Wildlife: The fruits are readily eaten by wildlife.  Birds, such as quails, wild turkeys, kingbirds, crested flycatchers, mockingbirds, sapsuckers, pileated woodpeckers, yellowthroat warblers and phoebes eat the fruits and disperse the seeds.  Black bears, beaver, rabbits and squirrels eat the fruit, bark and wood.  White-tailed deer browse the twigs and foliage.

Other: Sassafras has been cultivated since 1630 for its leaves, bark, and wood.  The plants are used for tea, oil, and soap.  The heartwood is orange-brown and course-grained.  It is used for purposes requiring lightwood, such as boat construction, because it is soft but durable.

Habitat and Distribution

This plant is a pioneer tree on disturbed sites in its native range.  It is adapted to various soils with low pH.  It can be found in woodlands, fields and along roadsides. Sassafras is native to the eastern United States. 


The small trees are medium to fast growing and work well for landscape use as specimen trees and mass plantings.  They are easy to culture and require little care.  Although adapted to dry, sandy soils, they do best in moist, fertile soils in partial to full shade.  Seeds, root-cuttings or suckers may propagate sassafras trees.  Seeds are produced every one or two years after the plant reaches the minimum seed-bearing age of ten years.  The plants do not transplant well because of a deep taproot.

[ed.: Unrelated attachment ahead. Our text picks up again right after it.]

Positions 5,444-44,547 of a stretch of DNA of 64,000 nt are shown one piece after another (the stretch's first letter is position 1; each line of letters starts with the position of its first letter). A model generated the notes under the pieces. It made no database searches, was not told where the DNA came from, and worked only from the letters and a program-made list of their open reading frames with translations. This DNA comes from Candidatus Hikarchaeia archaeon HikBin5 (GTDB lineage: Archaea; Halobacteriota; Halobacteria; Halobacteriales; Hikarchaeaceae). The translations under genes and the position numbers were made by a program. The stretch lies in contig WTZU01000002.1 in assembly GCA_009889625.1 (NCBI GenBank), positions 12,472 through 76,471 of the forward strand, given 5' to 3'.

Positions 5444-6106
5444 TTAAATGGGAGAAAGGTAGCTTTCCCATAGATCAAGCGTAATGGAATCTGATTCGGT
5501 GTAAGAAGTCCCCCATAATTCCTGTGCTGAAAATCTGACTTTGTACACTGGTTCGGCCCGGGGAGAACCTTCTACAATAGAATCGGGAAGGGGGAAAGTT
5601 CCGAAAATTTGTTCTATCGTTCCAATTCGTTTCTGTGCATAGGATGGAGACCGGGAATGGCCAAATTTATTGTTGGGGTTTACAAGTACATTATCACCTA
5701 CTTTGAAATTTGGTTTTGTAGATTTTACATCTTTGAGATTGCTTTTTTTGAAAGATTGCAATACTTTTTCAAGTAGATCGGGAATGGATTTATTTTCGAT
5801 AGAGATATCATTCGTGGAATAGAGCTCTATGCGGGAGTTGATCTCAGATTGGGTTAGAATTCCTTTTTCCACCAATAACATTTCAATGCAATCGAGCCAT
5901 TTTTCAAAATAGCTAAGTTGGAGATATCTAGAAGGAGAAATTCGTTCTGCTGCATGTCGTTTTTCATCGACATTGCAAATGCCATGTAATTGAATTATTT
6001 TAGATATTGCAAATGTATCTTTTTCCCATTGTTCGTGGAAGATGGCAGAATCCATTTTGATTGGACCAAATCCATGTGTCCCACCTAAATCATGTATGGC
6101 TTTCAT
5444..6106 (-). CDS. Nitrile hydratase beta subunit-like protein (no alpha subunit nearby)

Immel, D.L., & Andersen, M. K. (2003).  Plant guide for sassafras (sassafras albidum). Retrieved from




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Sassafras albidum

(Nutt.) Nees

sec. Tennessee Flora 2014

common name: sassafras
family: Lauraceae
Identified 2016-03-13 by Patrick Phoebus


Old Main Circle, Rutherford County, Tennessee, US
Click on these geocoordinates to load a map showing the location: 35.8452°, -86.3696°
Coordinate uncertainty about: 10 m.
Altitude: 186 m.

Location calculated as average of its images' coordinates.

Occurrences were recorded for this particular organism on the following dates:

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whole tree (or vine) - general
whole tree (or vine) - winter
whole tree (or vine) - winter
bark - unspecified
bark - of a medium tree or large branch
bark - of a medium tree or large branch

Tennessee Flora 2014 =

Tennessee Flora Committee, 2014. Guide to the Vascular Plants of Tennessee (editors: E. W. Chester, B. E. Wofford, J. Shaw, D. Estes, and D. H. Webb). The University of Tennessee Press, Knoxville, TN, US.

Metadata last modified: 2019-10-16T22:24:42.018-05:00